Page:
‘Region road gritting is a real lottery’

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A postcode lottery of provision for winter gritting has emerged as new figures show a huge disparity across the region.

Communities in Sheffield are twice as likely to see their priority roads gritted as those in Hull or Doncaster, an investigation by The Yorkshire Post has found.

The new figures, detailing what percentage of each authority’s network is gritted on a priority basis, show some areas of Yorkshire see 70 per cent of roads cleared while in others it is less than a third. And as MP Craig Whittaker condemns “shambolic” failed attempts by Calderdale Council in December to cut back its routine gritting, campaigners have warned that winter maintenance is essential to keeping motorists safe on the roads.

“Yorkshire residents will no doubt be at loss to understand how Sheffield is able to grit 70 per cent of its roads while Hull only chooses to treat 31 per cent,” said RAC spokesman Simon Williams.

“Applying salt to roads when the temperature drops is key to keeping motorists safe and enabling people to go about their daily business as normally as possible. While there will naturally be differences in terrain which will affect local authorities’ decisions, it is vital that the most important roads are treated whenever necessary so the impact of cold weather is minimised.”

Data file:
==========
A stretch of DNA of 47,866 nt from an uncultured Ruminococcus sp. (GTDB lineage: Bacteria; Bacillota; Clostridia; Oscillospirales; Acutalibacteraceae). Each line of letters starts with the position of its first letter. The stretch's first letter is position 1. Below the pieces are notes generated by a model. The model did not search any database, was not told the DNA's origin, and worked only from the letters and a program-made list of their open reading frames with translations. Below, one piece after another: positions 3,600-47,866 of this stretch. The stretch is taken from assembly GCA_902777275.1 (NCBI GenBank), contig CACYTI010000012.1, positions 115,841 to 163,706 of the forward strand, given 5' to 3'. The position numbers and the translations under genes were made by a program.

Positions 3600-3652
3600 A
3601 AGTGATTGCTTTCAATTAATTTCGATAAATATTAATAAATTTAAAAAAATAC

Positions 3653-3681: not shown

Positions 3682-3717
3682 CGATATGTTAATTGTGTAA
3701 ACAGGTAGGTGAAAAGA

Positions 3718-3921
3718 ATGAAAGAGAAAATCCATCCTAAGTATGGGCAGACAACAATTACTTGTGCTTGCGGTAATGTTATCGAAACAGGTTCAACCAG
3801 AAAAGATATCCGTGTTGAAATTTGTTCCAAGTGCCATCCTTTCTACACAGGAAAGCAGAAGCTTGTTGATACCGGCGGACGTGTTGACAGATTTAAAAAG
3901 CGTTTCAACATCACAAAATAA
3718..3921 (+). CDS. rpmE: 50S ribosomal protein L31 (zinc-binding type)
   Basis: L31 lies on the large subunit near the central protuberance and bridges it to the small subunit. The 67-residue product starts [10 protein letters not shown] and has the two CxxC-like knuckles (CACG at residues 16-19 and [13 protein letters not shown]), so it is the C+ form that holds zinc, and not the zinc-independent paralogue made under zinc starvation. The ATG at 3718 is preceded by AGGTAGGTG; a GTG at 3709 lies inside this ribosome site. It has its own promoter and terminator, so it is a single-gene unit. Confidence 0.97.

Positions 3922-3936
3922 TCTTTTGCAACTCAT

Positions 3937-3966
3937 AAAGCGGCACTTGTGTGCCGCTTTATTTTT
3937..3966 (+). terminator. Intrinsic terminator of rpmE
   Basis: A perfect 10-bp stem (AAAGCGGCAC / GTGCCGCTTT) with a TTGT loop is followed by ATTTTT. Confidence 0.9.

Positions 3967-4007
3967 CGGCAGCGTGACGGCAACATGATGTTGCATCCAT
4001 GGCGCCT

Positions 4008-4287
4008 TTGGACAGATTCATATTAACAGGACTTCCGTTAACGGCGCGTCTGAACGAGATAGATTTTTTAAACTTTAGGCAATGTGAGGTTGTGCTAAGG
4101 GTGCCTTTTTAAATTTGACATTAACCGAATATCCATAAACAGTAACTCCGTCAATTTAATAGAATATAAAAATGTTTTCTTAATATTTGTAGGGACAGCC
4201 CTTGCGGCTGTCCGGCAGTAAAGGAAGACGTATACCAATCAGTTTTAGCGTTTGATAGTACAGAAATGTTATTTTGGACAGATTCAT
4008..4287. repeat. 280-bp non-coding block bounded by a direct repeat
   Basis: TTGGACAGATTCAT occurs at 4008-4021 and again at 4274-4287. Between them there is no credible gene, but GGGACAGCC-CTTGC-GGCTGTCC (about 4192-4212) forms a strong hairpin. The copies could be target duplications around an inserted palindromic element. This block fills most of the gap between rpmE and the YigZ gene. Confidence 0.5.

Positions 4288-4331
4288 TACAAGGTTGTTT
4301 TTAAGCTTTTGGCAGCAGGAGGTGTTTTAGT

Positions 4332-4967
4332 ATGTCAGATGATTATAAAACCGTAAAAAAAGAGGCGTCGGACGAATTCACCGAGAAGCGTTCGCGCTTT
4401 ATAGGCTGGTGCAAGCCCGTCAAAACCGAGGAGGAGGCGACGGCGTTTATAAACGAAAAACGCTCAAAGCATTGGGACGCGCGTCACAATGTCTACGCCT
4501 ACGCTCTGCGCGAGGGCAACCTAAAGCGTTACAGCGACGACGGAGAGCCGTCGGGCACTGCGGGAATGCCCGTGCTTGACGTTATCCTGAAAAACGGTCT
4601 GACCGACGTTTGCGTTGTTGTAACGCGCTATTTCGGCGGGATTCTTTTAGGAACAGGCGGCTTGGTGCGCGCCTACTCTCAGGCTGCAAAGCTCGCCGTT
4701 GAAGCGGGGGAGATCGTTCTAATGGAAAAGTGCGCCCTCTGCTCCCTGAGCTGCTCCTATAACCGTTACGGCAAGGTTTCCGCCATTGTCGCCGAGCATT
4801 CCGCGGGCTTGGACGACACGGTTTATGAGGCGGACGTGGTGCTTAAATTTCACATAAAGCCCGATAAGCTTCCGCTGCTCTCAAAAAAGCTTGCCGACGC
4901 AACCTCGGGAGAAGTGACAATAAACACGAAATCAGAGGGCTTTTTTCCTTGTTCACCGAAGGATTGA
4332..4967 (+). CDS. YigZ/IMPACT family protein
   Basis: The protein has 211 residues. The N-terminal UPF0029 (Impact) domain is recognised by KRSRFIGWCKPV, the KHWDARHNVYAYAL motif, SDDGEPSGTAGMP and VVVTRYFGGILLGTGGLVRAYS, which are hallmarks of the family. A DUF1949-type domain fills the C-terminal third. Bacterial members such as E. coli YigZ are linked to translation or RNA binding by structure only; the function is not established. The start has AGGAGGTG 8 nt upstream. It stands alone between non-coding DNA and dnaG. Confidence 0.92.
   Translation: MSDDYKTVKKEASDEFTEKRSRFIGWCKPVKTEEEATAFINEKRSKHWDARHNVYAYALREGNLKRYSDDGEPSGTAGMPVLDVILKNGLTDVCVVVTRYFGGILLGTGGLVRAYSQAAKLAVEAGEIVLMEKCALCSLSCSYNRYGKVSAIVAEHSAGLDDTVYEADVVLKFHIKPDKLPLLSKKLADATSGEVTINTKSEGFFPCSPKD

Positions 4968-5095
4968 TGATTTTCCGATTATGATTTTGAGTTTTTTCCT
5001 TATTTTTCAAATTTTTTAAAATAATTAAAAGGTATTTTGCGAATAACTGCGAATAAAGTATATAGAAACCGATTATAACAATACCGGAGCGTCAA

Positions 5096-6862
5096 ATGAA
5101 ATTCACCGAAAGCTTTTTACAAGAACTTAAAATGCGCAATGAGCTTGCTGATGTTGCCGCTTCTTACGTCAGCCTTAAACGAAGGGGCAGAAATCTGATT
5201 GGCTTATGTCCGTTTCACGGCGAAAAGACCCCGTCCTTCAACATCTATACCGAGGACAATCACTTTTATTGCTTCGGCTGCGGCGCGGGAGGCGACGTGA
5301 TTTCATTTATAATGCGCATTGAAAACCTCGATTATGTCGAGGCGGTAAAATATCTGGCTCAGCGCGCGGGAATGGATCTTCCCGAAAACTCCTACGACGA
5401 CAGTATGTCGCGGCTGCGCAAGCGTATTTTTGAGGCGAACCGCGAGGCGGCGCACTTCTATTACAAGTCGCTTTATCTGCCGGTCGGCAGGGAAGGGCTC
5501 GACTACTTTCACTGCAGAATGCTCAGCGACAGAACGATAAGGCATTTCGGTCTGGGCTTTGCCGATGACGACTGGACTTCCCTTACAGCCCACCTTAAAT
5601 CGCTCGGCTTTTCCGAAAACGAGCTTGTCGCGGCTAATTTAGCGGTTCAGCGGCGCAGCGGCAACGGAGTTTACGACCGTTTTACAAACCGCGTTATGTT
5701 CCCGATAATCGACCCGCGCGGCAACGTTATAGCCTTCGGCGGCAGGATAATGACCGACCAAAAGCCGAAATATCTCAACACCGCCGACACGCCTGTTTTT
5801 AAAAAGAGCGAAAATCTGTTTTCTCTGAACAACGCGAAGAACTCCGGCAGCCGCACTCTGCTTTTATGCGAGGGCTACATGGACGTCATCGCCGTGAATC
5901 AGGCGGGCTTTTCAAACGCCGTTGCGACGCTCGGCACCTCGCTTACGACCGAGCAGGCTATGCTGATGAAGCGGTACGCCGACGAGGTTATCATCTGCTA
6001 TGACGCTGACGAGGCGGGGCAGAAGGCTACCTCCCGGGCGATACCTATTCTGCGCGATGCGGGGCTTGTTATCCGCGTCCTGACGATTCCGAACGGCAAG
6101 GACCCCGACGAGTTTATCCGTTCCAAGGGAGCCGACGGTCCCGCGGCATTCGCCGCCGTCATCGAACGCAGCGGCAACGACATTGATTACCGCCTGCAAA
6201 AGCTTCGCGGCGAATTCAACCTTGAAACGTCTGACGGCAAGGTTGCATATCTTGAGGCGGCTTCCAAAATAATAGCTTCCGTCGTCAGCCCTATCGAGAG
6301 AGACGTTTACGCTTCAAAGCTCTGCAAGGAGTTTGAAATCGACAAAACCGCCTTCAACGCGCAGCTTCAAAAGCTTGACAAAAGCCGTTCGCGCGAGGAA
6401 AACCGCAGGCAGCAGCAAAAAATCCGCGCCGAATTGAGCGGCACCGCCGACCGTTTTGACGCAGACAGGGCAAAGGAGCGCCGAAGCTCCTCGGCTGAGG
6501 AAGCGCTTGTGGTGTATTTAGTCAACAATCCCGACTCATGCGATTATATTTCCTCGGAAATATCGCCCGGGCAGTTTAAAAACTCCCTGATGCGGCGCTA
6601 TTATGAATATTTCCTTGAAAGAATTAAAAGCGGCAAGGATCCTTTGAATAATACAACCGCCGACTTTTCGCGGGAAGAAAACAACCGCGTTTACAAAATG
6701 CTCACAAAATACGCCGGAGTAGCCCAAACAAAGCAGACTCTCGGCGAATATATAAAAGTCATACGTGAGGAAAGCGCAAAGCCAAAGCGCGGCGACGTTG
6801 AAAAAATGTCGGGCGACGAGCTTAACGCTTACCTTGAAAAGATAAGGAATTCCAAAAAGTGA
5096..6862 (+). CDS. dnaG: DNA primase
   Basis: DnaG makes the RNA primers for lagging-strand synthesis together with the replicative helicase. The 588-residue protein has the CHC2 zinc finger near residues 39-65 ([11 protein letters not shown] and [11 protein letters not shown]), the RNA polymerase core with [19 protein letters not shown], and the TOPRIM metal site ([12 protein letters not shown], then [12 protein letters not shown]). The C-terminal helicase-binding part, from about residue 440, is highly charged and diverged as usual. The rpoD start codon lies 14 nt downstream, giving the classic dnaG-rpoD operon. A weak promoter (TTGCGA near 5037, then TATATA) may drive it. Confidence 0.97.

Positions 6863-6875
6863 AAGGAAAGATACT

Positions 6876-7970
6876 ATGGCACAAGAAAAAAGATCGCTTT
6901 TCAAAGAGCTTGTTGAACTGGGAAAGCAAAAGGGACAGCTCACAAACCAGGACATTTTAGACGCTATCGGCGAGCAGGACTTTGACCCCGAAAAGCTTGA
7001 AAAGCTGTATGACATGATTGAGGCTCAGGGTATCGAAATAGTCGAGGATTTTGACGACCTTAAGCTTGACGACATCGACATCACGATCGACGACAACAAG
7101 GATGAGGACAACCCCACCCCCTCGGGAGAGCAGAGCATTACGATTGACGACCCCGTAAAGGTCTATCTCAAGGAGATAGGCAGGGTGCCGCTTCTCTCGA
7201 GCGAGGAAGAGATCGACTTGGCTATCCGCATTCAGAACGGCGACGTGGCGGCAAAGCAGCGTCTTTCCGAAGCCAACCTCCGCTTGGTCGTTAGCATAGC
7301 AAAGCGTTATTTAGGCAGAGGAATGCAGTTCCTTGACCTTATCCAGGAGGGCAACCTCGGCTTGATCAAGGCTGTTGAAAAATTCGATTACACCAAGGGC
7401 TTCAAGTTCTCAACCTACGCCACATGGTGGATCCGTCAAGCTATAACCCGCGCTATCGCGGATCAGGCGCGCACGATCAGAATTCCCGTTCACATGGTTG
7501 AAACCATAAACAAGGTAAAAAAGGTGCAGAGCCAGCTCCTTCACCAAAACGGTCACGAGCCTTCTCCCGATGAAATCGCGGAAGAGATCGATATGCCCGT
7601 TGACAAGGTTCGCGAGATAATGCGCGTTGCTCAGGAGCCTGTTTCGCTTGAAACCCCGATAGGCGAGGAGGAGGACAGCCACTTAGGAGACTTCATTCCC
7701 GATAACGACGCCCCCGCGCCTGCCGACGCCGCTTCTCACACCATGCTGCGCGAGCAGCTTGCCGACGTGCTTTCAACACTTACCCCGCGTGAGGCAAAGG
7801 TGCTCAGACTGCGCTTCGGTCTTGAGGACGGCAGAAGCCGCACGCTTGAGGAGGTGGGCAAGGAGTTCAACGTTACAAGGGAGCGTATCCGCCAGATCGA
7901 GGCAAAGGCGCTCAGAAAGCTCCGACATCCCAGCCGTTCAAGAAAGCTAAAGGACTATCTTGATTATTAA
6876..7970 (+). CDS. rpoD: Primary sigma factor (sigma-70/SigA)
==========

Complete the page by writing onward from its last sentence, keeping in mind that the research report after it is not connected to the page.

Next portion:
The analysis, based on Freedom of Information requests to authorities across Yorkshire, looked in depth at budgets, priority networks, use of farming contractors and grit bins. Most authorities responded with a rise in annual budgets for winter maintenance since 2010, from a 5.4 per cent increase in Leeds to a 58 per cent budget increase in Doncaster. But, the analysis showed, many communities including those in Kirklees, Wakefield and North East Lincolnshire had seen a slight fall in gritting on priority routes, with new housing developments cited as the reason.

A spokesman for Hull City Council said: “The road gritting we undertake covers all our major distributor roads and all bus routes, and as such ensures that appropriate access is maintained.

“Hull is a tightly contained urban area and experiences less severe weather patterns in comparison to other Yorkshire cities, explaining why the city requires lesser amount of grit.”

Gill Gillies, assistant director of environment for Doncaster Council said the winter gritting team worked hard to ensure the network is safe for all drivers: “We grit the road network on a priority basis; this includes all main roads as well as other strategic routes.

“Doncaster is the largest borough by area in the country with many rural roads and urban areas, therefore the percentage of priority roads against the total network will be lower compared to other authorities.”